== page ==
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Cathy SprouleProfile: Cathy Sproule

Lawyer helps to change ‘the map of Saskatchewan’

When Cathy Sproule joined the Department of Justice Canada, she never imagined she would be flying to a remote Saskatchewan community to participate in a First Nations treaty-signing ceremony. But that’s one of the many things she has done in her legal work on treaty land entitlement in the department’s Aboriginal Law Services portfolio.

“That’s just one example of the exciting opportunities available to lawyers in the Justice department,” says Cathy, who is based in Saskatoon with the department’s Prairie Region. “Most people have no clue about the breadth, importance and variety of work available here,” Cathy adds.

Deals with treaty promises

“I deal with all of the issues around adding land to reserves as promised under treaty, in a modern context,” Cathy says. “There are land-use issues, Indian Act issues, and issues related to the economic development and future plans that First Nations have for the land.”

Cathy recalls fondly the English River First Nation’s Treaty Day signing ceremony, which included a shotgun salute, hoop dancing and singing. “Hearing fourth graders sing ‘O Canada’ in Dene—that was one of the most outstanding and memorable moments of my career,” Cathy says.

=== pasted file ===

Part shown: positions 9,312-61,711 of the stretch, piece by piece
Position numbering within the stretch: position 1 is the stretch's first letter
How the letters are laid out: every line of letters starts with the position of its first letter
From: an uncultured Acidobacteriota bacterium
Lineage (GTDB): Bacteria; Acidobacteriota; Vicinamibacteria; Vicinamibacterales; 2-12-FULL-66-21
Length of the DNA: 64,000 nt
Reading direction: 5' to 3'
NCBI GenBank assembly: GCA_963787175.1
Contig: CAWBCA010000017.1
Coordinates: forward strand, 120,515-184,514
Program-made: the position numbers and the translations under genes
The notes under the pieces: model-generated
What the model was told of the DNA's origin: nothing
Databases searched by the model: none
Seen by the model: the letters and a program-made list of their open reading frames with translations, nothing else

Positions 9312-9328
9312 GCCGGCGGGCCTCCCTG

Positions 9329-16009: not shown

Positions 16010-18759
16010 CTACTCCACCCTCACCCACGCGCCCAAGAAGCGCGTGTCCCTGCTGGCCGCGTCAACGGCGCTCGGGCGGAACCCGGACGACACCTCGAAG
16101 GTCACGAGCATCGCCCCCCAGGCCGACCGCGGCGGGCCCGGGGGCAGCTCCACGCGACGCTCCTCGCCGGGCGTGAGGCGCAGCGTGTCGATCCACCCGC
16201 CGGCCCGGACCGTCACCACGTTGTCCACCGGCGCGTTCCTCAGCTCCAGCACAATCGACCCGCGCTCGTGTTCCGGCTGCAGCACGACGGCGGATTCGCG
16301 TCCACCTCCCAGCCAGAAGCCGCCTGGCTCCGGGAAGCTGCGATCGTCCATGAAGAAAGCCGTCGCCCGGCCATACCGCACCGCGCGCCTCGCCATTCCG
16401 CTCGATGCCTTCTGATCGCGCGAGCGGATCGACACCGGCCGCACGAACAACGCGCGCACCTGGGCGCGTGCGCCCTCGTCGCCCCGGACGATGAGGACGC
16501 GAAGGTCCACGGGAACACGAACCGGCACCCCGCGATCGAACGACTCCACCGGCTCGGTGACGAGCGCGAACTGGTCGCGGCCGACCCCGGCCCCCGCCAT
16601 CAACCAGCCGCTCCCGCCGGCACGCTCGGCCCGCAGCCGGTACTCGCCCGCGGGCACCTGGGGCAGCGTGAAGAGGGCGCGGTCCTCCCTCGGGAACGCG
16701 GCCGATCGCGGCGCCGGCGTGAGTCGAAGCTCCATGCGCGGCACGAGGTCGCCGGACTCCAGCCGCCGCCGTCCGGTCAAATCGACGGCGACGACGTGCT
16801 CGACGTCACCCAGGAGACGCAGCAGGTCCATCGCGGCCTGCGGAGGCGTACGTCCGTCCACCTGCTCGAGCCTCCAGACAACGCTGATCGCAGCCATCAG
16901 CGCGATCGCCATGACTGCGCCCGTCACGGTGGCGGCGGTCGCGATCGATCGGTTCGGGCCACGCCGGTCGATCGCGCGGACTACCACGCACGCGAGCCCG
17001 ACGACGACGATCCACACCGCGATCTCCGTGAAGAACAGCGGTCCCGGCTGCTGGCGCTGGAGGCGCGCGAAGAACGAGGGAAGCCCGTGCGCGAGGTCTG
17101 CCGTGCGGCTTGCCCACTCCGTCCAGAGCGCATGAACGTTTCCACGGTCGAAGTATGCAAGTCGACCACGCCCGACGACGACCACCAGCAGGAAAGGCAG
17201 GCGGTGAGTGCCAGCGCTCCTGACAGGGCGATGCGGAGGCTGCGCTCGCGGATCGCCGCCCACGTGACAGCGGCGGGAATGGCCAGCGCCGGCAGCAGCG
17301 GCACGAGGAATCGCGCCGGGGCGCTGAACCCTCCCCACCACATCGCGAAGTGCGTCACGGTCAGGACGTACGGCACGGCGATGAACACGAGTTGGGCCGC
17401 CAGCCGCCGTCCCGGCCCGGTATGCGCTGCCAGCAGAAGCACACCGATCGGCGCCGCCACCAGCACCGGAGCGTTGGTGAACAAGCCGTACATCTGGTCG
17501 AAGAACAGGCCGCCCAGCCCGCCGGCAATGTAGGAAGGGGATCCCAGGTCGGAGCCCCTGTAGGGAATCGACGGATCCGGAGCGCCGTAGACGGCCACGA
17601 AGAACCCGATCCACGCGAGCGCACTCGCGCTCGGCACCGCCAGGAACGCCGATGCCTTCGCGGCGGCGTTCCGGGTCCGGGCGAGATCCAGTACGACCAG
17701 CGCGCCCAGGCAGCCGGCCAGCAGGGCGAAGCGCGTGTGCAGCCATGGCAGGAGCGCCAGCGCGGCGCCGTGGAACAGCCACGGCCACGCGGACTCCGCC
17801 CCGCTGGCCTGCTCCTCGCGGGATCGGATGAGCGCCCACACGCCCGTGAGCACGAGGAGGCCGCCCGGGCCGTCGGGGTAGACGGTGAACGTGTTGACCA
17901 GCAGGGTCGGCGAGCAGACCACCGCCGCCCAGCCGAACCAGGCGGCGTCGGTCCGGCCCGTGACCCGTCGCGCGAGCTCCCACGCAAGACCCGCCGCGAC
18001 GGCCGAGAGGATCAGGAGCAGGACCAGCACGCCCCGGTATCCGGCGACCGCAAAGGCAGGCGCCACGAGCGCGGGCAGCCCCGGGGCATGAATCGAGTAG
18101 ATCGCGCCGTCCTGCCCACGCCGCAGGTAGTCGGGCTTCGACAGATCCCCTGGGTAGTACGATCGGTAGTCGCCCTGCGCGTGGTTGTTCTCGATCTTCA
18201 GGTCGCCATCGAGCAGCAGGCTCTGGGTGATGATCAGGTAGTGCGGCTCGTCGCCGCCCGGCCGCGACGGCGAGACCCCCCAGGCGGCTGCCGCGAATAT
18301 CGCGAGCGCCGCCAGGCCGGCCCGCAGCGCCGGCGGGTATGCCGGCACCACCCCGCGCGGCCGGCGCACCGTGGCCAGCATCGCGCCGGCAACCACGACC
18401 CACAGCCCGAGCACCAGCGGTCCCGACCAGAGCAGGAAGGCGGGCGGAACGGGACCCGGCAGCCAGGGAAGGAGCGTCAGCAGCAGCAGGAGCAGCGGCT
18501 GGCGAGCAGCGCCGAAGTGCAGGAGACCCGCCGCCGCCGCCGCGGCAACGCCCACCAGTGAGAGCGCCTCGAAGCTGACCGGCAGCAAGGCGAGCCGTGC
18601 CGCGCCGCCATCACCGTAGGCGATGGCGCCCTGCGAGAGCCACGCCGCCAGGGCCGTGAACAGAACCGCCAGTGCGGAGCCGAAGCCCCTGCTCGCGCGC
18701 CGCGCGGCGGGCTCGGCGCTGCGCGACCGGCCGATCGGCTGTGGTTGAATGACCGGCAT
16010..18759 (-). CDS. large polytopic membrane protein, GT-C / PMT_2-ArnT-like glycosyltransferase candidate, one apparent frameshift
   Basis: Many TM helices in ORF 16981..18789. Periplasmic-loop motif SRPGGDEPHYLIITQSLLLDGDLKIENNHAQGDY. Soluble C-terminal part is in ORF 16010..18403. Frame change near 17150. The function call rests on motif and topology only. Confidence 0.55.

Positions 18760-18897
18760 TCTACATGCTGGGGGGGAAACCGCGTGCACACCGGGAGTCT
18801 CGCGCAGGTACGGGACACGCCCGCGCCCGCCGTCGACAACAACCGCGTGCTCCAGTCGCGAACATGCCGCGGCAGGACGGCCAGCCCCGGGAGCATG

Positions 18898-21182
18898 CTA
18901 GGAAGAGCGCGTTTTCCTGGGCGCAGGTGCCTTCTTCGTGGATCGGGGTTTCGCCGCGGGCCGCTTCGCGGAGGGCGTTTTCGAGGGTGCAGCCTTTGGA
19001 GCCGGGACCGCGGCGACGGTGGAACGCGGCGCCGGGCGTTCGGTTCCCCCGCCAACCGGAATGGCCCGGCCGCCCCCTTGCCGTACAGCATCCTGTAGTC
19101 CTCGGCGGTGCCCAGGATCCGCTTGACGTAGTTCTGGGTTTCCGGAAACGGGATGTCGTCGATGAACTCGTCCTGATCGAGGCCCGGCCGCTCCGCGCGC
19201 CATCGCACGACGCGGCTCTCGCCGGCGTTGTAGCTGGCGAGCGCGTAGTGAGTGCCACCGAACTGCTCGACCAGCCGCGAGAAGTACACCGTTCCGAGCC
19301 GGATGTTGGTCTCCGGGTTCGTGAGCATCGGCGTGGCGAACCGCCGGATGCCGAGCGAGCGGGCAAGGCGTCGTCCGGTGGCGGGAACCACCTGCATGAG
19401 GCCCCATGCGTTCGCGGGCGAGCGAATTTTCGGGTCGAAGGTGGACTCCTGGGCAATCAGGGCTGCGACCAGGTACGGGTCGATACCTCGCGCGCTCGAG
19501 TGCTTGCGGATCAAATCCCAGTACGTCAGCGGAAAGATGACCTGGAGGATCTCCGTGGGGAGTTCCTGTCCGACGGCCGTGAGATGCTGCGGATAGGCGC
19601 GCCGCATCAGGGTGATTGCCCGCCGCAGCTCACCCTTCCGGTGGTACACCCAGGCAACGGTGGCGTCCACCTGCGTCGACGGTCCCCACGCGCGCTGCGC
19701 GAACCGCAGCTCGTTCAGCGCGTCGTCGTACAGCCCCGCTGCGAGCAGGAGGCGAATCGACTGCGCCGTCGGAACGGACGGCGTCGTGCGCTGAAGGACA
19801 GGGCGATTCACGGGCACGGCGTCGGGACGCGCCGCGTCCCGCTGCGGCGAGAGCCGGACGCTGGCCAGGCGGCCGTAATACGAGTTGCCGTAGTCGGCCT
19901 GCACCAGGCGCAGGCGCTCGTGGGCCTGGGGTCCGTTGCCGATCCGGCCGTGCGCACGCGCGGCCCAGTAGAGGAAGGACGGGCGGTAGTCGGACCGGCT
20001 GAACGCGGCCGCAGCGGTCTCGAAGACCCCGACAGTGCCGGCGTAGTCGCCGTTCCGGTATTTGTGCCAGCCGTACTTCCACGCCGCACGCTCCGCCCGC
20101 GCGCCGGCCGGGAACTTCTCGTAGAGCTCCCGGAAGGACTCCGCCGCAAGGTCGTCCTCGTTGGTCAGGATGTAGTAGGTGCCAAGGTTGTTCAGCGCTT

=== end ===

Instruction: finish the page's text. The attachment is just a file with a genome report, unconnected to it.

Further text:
Cathy was first exposed to the variety of the department’s legal work as an articling law student. She did mandatory rotations through several key legal portfolios, including Aboriginal law services, which proved to be a perfect fit.

Handshakes are critical

And it’s the personal contact that makes Cathy’s work so rewarding. “Each time I make a personal connection, it makes it easier to move things forward. These face-to-face interactions are critical to me—it’s how I approach my work.”

“It’s wonderful to be involved in implementing an agreement. We are making a difference—we are changing the map of Saskatchewan. And it’s rewarding to see the impact that treaty land entitlement has made. I’ve seen significant capacity developing within many of the First Nations I work with. That’s exciting, because that’s so critical to moving together as a people, a joined people, in Saskatchewan and in Western Canada.”

Excellent work environment

"It’s wonderful to be
involved in
an agreement.
We are making a
difference—we are
changing the map of

Cathy credits her successes to the excellent work environment she enjoys in the Public Service. “The managers here are wonderful and accommodating. They’ve allowed me to explore my career. And the recognition of family values by the Public Service is a major drawing card,” she says.

Cathy strongly encourages aspiring lawyers to consider a career with the federal public service. “It is possible to make a difference. Give it a whirl. You’ll be pleasantly surprised.”

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